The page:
We're often asked the difference between employee and freelance stagehands. It's curious how many stagehand's don't understand the basic pros and cons of taking on a job(s) that impact how they may be classified. Frankly, there can be a number of subtle or intrinsic benefits (or challenges) associated with every classification. We've listed and detailed some of the basics below, and we welcome your thoughts and opinions.
We've narrowed down the broad range of classification to 4 basic categories:
1. Union Member, Temporary Employees
2. Non-Union, Regular Employees
3. Freelance Independent Contractors
There are a number of subgroups under these three categories, such as Permalancers, Contract Employees, Seasonal Employees, Part-Time, Full-Time, etc. Of course there are variations and exceptions to many situations, but for the most part, they all fall into these three basic categories and the pros & cons are the most common for that group.
Union Member, Temporary Employees
Union Stagehands are often grouped into Card Holders and Permit Workers or Over-Hires. They are not necessarily considered employees of the union, but moreso, they are temporary employees of production house, theatre, payroll agency or other such company authorized to hire them under the union's Collective Bargaining Agreement.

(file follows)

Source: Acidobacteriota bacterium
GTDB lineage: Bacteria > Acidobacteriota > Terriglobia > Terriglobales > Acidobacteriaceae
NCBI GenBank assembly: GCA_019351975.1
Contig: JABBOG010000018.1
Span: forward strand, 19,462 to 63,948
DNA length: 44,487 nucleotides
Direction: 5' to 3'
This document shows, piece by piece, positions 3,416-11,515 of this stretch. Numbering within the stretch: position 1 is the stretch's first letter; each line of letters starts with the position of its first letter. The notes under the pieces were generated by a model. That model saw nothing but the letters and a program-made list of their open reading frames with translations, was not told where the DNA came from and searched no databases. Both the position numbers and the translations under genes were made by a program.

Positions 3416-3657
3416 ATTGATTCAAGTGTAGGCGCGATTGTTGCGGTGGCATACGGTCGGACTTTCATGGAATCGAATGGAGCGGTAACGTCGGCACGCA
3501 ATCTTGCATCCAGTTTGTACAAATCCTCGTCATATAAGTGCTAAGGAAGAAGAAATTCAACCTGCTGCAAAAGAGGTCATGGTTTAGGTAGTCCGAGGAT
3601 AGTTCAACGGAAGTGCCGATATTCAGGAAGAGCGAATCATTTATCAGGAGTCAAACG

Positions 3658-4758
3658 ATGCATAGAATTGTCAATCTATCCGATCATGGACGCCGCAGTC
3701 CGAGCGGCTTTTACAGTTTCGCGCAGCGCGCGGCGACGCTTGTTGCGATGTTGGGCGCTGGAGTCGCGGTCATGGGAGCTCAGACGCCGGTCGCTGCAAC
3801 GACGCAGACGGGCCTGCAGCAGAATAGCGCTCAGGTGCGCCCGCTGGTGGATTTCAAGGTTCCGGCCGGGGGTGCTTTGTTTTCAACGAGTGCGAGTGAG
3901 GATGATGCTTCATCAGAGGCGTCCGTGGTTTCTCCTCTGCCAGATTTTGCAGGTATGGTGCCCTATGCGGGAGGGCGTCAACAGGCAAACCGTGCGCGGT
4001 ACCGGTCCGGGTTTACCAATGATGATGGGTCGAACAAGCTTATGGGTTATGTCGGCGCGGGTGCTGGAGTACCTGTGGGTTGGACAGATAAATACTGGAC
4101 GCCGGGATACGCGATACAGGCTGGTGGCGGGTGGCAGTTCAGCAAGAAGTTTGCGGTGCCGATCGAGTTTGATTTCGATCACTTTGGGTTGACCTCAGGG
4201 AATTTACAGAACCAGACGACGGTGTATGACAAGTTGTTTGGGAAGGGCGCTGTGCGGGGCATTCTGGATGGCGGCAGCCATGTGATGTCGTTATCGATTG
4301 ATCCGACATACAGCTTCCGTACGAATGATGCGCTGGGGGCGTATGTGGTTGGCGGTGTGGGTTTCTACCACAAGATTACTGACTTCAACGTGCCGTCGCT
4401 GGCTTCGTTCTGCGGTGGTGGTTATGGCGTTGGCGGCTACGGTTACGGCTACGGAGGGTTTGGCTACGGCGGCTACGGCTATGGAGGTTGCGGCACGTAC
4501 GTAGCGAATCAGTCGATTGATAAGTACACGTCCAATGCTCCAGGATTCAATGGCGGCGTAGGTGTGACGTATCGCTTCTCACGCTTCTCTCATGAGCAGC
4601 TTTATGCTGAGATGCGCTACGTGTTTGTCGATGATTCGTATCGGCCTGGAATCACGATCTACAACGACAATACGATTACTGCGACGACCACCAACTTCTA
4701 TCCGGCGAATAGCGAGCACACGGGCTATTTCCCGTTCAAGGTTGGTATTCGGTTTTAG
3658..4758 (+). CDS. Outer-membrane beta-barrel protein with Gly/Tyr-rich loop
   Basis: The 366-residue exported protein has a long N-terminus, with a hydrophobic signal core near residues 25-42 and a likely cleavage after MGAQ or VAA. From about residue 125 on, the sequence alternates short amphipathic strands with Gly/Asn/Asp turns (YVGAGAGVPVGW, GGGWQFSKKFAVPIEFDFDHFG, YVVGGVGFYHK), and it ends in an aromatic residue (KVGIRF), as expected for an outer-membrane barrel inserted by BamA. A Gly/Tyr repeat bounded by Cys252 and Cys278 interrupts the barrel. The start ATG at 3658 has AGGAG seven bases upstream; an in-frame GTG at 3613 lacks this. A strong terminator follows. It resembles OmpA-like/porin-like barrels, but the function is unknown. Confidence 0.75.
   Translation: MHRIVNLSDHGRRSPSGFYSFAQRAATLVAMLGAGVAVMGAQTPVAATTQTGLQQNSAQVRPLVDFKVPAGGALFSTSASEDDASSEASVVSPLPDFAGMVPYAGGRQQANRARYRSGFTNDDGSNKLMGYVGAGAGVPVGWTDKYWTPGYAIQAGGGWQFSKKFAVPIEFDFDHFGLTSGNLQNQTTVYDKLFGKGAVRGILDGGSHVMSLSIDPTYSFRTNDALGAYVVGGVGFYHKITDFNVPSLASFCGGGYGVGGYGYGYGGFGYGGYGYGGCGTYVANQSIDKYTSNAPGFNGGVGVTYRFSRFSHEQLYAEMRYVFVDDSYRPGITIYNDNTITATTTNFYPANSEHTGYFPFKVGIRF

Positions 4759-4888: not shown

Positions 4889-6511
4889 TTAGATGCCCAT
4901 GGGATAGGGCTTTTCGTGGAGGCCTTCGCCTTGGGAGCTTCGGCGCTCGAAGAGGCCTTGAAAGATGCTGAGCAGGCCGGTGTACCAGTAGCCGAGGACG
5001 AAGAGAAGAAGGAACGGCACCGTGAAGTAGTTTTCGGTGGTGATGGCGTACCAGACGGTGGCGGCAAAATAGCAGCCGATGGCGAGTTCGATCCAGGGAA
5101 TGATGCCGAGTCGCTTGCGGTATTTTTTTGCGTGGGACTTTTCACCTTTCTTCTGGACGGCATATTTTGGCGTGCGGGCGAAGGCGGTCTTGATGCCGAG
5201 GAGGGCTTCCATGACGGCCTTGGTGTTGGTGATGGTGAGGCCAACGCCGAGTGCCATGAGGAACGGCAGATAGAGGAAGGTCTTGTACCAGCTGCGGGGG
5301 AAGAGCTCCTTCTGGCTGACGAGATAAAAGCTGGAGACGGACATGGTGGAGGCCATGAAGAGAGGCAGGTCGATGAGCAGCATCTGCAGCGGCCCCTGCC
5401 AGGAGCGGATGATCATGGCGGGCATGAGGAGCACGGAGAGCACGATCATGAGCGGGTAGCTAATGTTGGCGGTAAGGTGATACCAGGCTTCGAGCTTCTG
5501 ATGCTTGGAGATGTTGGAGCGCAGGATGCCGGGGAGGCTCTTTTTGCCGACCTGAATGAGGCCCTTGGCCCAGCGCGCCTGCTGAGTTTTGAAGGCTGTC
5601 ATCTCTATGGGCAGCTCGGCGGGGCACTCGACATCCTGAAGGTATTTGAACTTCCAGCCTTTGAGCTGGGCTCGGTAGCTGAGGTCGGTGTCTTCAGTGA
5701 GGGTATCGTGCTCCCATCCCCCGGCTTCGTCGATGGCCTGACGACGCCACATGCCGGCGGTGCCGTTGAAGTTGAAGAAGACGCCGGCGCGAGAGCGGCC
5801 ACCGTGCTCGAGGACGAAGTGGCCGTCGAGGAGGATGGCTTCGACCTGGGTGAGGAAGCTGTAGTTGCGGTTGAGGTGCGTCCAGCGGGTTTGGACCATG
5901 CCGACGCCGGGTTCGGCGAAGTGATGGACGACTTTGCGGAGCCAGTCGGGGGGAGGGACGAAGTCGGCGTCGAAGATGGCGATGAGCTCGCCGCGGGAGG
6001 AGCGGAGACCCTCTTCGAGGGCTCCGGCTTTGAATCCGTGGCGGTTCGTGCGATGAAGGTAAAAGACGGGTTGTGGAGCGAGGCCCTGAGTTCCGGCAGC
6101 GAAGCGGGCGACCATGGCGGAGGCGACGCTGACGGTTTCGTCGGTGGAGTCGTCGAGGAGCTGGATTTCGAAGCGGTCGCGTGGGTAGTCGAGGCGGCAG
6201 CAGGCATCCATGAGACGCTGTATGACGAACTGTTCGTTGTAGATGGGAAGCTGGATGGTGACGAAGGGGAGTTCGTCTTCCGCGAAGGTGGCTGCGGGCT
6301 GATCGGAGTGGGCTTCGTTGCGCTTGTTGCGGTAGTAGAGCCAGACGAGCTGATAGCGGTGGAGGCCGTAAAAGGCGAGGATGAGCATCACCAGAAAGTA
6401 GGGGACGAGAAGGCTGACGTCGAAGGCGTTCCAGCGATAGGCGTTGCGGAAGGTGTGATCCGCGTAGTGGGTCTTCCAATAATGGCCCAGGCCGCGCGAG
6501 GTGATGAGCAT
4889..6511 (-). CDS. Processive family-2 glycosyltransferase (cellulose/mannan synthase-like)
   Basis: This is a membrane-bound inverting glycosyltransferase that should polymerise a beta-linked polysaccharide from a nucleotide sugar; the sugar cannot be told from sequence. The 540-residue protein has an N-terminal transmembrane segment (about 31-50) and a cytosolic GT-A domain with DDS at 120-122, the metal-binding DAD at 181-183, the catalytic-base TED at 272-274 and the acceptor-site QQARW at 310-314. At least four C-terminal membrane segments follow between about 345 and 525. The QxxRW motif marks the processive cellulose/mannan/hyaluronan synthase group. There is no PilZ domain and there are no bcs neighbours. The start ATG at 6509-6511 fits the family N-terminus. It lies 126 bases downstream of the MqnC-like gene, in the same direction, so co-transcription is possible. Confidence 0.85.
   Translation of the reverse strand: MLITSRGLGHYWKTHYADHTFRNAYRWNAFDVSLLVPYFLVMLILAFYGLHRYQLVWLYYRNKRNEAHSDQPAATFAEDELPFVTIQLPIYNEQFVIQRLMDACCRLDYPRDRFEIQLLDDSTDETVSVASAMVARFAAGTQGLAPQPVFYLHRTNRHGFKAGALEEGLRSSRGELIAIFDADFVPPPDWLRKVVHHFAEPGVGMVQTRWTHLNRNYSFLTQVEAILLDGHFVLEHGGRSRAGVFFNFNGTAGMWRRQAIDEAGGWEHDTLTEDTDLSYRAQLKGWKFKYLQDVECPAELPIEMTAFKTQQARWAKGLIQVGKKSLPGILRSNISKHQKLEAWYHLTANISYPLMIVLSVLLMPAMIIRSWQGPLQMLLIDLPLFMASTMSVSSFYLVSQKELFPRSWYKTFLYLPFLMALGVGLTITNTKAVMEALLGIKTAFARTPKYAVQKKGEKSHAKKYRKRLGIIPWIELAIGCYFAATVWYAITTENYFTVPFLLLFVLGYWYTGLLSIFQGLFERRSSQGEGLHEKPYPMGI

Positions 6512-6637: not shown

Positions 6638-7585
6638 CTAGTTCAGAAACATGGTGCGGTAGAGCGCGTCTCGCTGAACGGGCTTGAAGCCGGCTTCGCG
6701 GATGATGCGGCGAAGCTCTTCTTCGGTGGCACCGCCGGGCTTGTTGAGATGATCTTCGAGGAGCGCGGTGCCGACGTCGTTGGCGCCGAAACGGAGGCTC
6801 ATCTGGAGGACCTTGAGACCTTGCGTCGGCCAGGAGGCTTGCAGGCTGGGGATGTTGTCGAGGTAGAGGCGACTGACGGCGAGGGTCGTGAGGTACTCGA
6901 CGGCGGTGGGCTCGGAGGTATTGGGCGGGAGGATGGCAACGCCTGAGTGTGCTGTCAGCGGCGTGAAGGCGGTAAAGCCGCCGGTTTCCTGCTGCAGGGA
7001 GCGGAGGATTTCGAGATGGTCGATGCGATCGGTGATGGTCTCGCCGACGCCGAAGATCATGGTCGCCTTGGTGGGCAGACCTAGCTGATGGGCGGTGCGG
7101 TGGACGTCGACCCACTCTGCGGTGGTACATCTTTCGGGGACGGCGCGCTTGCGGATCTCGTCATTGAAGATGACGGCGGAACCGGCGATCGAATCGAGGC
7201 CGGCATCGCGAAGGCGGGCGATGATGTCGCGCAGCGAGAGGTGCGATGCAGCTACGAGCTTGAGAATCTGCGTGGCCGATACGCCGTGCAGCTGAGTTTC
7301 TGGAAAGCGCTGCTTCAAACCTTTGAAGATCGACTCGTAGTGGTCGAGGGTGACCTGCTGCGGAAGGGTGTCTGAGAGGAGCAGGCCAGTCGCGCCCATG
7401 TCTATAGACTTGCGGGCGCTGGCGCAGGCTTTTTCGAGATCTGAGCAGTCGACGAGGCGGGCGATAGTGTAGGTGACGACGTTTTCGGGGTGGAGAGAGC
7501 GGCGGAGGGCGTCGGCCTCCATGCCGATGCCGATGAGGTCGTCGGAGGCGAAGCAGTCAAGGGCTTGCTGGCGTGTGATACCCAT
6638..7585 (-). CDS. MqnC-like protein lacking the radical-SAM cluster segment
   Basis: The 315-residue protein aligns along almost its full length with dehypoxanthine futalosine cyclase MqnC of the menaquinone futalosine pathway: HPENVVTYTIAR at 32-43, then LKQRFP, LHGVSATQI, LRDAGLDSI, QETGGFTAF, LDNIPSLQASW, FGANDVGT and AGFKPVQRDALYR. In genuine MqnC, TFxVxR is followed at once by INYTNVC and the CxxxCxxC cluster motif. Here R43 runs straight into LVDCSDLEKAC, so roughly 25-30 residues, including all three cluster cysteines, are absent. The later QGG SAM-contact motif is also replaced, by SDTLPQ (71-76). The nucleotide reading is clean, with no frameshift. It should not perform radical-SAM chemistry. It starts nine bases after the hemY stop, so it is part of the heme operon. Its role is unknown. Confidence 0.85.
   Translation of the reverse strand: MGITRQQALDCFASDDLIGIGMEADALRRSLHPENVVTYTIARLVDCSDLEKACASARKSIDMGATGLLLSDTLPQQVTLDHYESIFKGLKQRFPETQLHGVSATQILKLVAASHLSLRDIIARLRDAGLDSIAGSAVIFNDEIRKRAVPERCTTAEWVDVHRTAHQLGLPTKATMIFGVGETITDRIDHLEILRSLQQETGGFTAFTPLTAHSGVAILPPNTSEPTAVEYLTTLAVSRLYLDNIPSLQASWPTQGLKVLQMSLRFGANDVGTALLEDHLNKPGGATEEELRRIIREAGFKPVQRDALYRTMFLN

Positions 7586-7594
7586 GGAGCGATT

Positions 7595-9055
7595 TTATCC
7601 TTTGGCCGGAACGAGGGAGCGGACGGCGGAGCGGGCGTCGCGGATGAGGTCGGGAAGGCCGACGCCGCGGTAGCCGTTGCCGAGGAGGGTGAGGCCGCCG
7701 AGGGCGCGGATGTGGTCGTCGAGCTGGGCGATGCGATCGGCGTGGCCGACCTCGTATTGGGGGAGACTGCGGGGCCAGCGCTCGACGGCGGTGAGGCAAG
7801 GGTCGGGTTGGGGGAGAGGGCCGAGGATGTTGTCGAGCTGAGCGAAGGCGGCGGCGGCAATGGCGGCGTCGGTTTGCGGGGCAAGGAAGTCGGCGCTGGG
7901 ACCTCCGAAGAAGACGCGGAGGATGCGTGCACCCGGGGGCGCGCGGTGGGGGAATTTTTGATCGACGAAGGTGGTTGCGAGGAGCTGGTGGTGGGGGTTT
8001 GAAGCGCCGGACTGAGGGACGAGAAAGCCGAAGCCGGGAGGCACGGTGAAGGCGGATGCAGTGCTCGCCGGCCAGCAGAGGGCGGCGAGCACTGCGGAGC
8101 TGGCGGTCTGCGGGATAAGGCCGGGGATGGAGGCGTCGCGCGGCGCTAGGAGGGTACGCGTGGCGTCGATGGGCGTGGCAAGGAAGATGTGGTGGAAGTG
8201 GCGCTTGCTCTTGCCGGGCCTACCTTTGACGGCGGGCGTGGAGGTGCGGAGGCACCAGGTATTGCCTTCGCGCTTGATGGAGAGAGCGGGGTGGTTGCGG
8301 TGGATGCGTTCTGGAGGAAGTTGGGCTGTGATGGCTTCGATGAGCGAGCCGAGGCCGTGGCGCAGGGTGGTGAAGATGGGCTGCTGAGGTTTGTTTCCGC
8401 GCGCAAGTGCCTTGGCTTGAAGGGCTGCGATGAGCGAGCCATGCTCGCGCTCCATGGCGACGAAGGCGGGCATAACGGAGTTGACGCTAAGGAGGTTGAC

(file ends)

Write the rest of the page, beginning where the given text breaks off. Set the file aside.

Non-Union, Regular Employees
These are full-time or part-time, regular or season employees hired by production companies, gear houses, scenic shops, theaters, stadiums and other live event venues where you'd find stagehands on regular staff.
Freelance Independent Contractors
Freelancers can most accurately be described as small business owner/operators. They are small, one-person shops that solicit, perform, and close out each job. Being a small business comes with a number of responsibilities, but also has it's benefits. Among the most important benefits, besides tax and income flexibility, is the right to refuse or accept jobs and to control your own calendar.
To be continued...